Cables & Cups
Next to the drivers powering your headphones, the cables are arguably the second most important component. In this class, you can usually get headphones with cables that detach, which is important for several reasons. If they become damaged or frayed with use, you can replace them, so you do not need to buy a whole new set of headphones. Some will also allow you to change up the tone or give you extra functionality.
As for those cups, while we mentioned the fit, you also need to think about the materials used in the construction. Vinyl or other slick materials can cause your head to sweat while foam cups are soft and allow your head to breathe a little more. Unlike the cables, you cannot switch out the cups although some companies may sell replacements if they become worn with time.
Top 5 Best Studio Headphones Under $100 Reviews
Some of the best studio headphones under $100 are from Status Audio. These are the CB-1 Studio Monitor Headphones, which are of the closed back variety. Designed for the studio, these bad boys are perfect for long nights recording tracks and are quite portable to boot.
The Status Audio headphones collapse for storage when not in use, which is handy if you have a small home studio and need every inch you can spare for your gear. These headphones are neutral in the sense that they hit the entire spectrum but are not “bass heavy” which makes them suitable for many styles of music. The 50mm drivers can handle a frequency range of 15 – 30kHz with an impedance of 32 ohms. They are relatively light at 13.2 ounces and will sit comfortably on the head for most folks.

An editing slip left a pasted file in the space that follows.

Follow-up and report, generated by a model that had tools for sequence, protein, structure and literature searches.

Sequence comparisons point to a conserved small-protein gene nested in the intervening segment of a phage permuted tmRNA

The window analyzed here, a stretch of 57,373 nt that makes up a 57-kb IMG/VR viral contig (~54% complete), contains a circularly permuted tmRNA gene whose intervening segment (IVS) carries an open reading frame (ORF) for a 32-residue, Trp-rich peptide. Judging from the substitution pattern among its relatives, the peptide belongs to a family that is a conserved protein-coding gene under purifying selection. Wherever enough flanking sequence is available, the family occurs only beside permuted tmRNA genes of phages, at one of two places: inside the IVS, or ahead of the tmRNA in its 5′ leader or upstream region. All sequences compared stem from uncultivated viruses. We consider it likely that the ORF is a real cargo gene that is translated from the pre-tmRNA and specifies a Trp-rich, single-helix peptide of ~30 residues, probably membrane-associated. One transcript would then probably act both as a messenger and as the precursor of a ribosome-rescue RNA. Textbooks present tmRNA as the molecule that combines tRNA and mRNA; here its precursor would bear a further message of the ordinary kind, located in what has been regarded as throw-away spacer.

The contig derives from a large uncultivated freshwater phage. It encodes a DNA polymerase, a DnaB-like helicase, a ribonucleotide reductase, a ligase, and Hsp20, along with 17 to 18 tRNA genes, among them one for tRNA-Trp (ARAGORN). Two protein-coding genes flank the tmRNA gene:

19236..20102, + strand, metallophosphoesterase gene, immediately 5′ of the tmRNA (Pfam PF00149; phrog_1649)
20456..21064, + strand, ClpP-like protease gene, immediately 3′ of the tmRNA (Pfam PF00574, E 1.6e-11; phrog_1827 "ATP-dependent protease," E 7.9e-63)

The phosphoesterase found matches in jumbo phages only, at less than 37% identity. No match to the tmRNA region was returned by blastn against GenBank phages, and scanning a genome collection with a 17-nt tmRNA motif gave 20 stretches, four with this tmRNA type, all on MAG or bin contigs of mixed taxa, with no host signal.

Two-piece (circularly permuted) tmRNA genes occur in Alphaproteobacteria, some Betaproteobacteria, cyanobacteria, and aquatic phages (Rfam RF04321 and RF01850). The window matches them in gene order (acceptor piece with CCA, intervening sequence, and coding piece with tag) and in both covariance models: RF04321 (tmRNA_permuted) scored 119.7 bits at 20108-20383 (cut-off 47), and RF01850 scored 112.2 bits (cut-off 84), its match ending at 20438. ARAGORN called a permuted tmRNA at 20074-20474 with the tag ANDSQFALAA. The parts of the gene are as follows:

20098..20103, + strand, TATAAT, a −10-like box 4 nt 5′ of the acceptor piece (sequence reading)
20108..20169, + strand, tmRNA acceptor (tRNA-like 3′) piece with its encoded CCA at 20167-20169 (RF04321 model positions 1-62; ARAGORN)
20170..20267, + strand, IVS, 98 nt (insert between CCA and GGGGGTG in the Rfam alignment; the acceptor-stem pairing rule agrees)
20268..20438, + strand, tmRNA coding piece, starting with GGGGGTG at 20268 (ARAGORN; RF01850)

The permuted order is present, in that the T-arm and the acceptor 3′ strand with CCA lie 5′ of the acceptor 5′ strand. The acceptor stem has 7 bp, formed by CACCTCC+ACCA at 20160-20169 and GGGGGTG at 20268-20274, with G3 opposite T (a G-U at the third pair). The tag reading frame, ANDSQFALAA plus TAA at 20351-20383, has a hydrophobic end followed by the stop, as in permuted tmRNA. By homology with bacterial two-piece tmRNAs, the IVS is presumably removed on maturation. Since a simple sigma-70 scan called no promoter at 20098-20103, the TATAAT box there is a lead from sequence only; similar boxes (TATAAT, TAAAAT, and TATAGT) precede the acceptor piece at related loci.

These aren’t what we could consider “cheap” headphones as they come in towards the top of our list when it comes to price. That’s why it is unfortunate they don’t come with a carrying case, the only real negative in our eyes. You will get two detachable cables however and a 1/4” stereo adapter.
Our first two choices can be used by anyone in any studio setting, but these are for folks that enjoy mixing beats. The AudioMX HS-5S Headphones are open-back, so while sound can leak out, you can also hear what’s going on around including tracks as you lay down the beats.
These open-back beauties have large grills on the outside of each cup and allow you to use only a single ear. The cups swivel 110-degrees which is crucial for mixing, and while they look large, they drivers are actually only 42mm. The cups are super comfy and thickly padded with medium density foam. On the off chance you have a mishap, AudioMX is kicking in an extra set for free. Other technical details of interest for the HS-5S include an oxygen-free cable, an impedance of 55 ohms and they can cover the frequency range of 15 – 30,000Hz.
The HS-5S are open-back headphones that won’t break the bank and will look good on your head. The padded top band provides additional comfort, but the wires are attached to both cups. That’s not going to work for some, so keep that in mind if you need replacement cables or a bit more freedom from your setup.
It doesn’t matter if you need a great pair of headphones for your PlayStation, PC or home stereo, Sony has something for you. That includes consumers in the market for a solid pair of studio headphones. Well, you’ll get just that from the Sony MDRV6 Studio Monitor Headphones, which are setup with CCAW wiring.